From the Provident Investment Management newsletter
Support for earnings growth should come from a stable economy that is tilting toward more rapid growth. Consumer spending during the holiday season accelerated. The National Retail Federation reported year-over-year November and December holiday retail sales growth of 4% with a strong bump from online shopping of 12.6%. This growth rate excludes automobiles, gasoline stations and restaurants, but a separate report from the Census Bureau reported nice growth in December as well. Overall retail sales for December advanced 0.6% over the previous month and November’s gain was revised upward from 0.1% to 0.2%. Automotive sales had a large impact on December’s retail sales advance as the seasonal adjusted annual rate of new vehicle sales was 18.4 million units, contributing to a record-setting annual sales mark of 17.55 million units for all of 2016. When consumers feel confident in the future they buy long-lived assets like cars, so this is a good sign for 2017.
Further supporting 2017 is a stable, growing labor market. December saw employers add 156,000 jobs, which left the unemployment rate unchanged at 4.7%. October and November’s job gains were also revised upward a total of 19,000 jobs. While most economists consider unemployment below 5% as “full employment,” statistics looking deeper at the labor force, including a depressed labor force participation rate and those working part time jobs for economic reasons, suggest slack. Average hourly earnings growth year-over-year has ticked up to 2.9%, but this relatively low growth rate at this stage of the expansion implies the job market is in no way overheating.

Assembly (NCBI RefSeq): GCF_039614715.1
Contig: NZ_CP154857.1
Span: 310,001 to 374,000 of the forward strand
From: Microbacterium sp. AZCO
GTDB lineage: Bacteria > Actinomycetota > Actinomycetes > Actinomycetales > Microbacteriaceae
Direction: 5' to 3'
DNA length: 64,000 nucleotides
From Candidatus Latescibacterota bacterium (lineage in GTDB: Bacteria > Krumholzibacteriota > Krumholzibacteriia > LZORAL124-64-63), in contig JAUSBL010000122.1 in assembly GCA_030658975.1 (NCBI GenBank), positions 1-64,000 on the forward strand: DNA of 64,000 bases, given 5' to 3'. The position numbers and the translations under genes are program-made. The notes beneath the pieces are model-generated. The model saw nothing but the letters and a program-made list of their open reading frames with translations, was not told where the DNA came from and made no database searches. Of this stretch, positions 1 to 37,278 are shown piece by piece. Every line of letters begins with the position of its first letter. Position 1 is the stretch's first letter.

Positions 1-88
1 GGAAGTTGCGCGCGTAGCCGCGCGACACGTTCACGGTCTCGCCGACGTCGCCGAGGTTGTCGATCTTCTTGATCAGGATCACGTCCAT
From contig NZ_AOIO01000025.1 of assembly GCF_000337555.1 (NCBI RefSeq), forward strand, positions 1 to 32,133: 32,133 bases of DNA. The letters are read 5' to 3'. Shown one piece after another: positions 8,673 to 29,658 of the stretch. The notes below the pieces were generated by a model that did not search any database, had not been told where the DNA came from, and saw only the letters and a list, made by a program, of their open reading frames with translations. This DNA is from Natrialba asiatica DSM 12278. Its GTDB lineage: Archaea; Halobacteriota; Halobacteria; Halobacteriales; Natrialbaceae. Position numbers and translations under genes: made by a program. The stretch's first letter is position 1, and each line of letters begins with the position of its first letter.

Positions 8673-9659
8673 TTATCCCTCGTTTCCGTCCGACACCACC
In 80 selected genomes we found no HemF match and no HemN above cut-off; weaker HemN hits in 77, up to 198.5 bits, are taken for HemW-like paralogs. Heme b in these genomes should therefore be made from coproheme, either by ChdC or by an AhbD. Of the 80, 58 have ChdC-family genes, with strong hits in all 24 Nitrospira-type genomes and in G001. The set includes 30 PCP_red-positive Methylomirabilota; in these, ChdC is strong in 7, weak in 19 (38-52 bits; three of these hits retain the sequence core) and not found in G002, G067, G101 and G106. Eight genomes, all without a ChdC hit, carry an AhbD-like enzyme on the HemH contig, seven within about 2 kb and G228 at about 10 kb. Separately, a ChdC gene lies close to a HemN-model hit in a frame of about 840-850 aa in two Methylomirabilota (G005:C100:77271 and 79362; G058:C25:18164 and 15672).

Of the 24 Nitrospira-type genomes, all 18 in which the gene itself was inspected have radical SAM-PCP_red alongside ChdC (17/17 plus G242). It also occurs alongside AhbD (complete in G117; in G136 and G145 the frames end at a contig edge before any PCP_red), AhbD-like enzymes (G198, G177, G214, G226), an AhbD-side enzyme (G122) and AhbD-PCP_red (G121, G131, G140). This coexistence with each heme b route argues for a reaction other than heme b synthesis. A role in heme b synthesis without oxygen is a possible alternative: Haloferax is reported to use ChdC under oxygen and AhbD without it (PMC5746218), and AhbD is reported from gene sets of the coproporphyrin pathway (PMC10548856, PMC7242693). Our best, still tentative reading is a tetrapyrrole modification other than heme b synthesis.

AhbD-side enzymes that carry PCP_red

Expansions usually don’t die due to old age but usually from economic shocks or policy mistakes. Both of these risks are present in 2017. Investors have responded to the positive pro-growth agenda of a unified Republican-led government by bidding up stock prices since the election. However, investors appear to be ignoring the anti-trade agenda of Donald Trump that could spark a trade war. About 30% of earnings from S&P 500 companies depend on international activity, so any shock from trade would surely disrupt growth. Further, the Federal Reserve has signaled that enough progress has been made in the labor market and inflation that it expects to raise interest rates during 2017. With GDP growth still averaging around 2%, the Fed could snuff out accelerating growth if it moves too far too fast.
For now, we remain optimistic that 2017 can see accelerating growth and continued advance of stock prices. However, with elevated stock prices it is more important than ever to select the right companies with management teams that can adjust to a changing economic landscape.